guide a decision and far less chance of obtaining

" Never mind the lawyers, Count, never mind the
lawyers. Use your own good sense, and your own
generous instincts ; place yourself — in idea — in
Bramleigh's position, and ask yourself could you
act more handsomely than he has done ? and then
bethink you, what is the proper way to meet such

" It's all too late for this now ; don't ask me
why, but take my word for it, it is too late."

" It's never too late to do the right thing, though
it may cost a man some pain to own he is changing
his mind."

'' It's not that ; it's not that," said the other,
peevishly, " though I cannot explain to you why or


" I don't want to hear secrets," said Ciitbill,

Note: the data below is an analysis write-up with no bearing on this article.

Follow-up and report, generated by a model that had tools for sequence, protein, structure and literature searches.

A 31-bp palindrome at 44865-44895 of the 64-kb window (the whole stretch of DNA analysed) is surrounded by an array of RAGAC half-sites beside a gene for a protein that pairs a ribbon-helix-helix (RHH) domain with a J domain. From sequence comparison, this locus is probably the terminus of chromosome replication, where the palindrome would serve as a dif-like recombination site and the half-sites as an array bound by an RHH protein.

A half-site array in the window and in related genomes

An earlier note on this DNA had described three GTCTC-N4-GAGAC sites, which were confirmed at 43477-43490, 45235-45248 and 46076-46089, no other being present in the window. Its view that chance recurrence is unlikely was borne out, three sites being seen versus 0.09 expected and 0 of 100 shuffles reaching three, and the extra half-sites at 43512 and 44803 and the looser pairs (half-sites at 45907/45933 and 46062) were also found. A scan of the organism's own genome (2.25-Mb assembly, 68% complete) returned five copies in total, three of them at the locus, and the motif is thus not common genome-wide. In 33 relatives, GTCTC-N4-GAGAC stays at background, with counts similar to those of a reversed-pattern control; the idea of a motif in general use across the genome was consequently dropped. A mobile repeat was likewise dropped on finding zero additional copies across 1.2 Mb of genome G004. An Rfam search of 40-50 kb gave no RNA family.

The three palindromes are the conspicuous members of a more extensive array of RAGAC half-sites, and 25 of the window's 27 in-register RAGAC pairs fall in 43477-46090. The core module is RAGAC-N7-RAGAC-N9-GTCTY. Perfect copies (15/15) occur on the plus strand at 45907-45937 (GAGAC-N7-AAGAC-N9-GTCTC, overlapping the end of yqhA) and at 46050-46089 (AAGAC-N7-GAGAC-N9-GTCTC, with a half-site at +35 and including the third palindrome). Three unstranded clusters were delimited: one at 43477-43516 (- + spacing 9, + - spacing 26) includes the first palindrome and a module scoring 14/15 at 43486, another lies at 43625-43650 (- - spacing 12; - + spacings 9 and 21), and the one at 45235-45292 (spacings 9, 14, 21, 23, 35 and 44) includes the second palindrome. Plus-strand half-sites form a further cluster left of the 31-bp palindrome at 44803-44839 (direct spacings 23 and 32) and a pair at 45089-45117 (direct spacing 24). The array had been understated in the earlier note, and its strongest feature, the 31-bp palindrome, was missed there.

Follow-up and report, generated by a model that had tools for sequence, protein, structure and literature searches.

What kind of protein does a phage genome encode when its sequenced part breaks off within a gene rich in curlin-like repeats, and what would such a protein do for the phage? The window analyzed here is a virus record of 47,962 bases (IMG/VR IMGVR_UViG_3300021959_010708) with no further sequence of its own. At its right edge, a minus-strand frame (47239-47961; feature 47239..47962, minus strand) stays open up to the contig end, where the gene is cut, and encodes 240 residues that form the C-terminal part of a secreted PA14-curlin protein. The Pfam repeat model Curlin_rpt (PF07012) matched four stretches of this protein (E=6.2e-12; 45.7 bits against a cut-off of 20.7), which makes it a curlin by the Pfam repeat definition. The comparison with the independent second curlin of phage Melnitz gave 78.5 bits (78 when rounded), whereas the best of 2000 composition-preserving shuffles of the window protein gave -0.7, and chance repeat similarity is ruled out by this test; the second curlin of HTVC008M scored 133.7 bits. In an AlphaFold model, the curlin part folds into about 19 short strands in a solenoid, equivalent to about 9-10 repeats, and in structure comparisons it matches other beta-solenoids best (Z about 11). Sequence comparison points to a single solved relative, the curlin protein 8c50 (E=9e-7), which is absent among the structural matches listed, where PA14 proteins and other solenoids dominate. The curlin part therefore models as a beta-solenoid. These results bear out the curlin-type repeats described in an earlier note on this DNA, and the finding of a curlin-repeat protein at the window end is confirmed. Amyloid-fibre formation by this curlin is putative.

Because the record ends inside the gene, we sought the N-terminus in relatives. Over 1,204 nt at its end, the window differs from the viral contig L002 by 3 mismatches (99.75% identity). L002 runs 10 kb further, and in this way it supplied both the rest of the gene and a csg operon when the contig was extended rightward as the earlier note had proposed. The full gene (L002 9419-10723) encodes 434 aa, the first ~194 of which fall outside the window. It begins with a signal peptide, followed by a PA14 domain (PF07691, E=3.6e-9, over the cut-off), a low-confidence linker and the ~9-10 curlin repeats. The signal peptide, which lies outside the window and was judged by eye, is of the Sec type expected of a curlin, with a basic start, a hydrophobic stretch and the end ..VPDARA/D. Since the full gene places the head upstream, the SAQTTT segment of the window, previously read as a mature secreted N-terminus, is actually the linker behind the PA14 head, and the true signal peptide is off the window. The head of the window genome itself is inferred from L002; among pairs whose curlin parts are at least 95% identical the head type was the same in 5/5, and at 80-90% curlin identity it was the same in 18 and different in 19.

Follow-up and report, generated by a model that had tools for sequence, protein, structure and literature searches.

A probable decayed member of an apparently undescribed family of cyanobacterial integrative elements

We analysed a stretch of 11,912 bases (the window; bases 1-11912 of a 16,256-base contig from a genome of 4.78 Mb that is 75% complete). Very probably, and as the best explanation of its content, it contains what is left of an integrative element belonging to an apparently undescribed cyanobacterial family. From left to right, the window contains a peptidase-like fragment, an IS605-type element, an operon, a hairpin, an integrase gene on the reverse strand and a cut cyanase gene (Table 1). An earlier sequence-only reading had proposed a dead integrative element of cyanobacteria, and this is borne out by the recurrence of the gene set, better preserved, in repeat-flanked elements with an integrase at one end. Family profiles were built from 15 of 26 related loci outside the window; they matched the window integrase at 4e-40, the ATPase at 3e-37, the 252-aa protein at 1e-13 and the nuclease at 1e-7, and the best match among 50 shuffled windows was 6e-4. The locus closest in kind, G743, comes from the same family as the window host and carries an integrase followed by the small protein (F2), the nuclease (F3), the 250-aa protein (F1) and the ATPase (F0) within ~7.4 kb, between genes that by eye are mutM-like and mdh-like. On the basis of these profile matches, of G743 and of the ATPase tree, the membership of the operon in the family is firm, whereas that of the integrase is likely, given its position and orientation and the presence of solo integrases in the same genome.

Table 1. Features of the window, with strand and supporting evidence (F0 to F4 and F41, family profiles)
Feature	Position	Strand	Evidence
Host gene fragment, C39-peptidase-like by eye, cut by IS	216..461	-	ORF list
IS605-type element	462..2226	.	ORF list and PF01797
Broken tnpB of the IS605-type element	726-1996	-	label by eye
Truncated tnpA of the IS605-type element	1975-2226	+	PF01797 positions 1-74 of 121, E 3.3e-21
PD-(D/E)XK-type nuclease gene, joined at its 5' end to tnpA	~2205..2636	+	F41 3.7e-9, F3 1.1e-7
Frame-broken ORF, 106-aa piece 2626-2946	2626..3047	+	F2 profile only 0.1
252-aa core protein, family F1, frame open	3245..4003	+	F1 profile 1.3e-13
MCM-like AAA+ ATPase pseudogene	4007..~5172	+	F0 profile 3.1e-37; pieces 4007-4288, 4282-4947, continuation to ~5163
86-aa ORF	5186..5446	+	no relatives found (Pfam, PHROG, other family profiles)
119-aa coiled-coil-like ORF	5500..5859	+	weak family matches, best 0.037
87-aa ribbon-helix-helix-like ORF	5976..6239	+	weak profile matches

bluntly; '^all the more that you and I are strangers
to each other. I don't think either of us has had a
good look at the other's face yet."

" I've seen yours, and I don't distrust it," said
the Frenchman.

" Good night, then, there's a civil speech to go to
sleep over," and so saying, he rolled over to the
other side, and drew his blanket over his head.

Pracontal lav a lonof time awake, thinkino^ of the
strange companion he had chanced upon, and that
still stranger amount of intimacy that had grown up
between them. I suppose, muttered he to himself, I
must be the most indiscreet fellow in the world ; but
after all, what have I said that he has not read in the
newspapers, or may not read next week or the week
after ? I know how Kelson would condemn me for
this careless habit of talking of myself and my affairs
to the first man I meet on a railroad or a steamer ;
but I must be what nature made me, and after all, if
I show too much of my hand, I gain something by
learning what the bystanders say of it.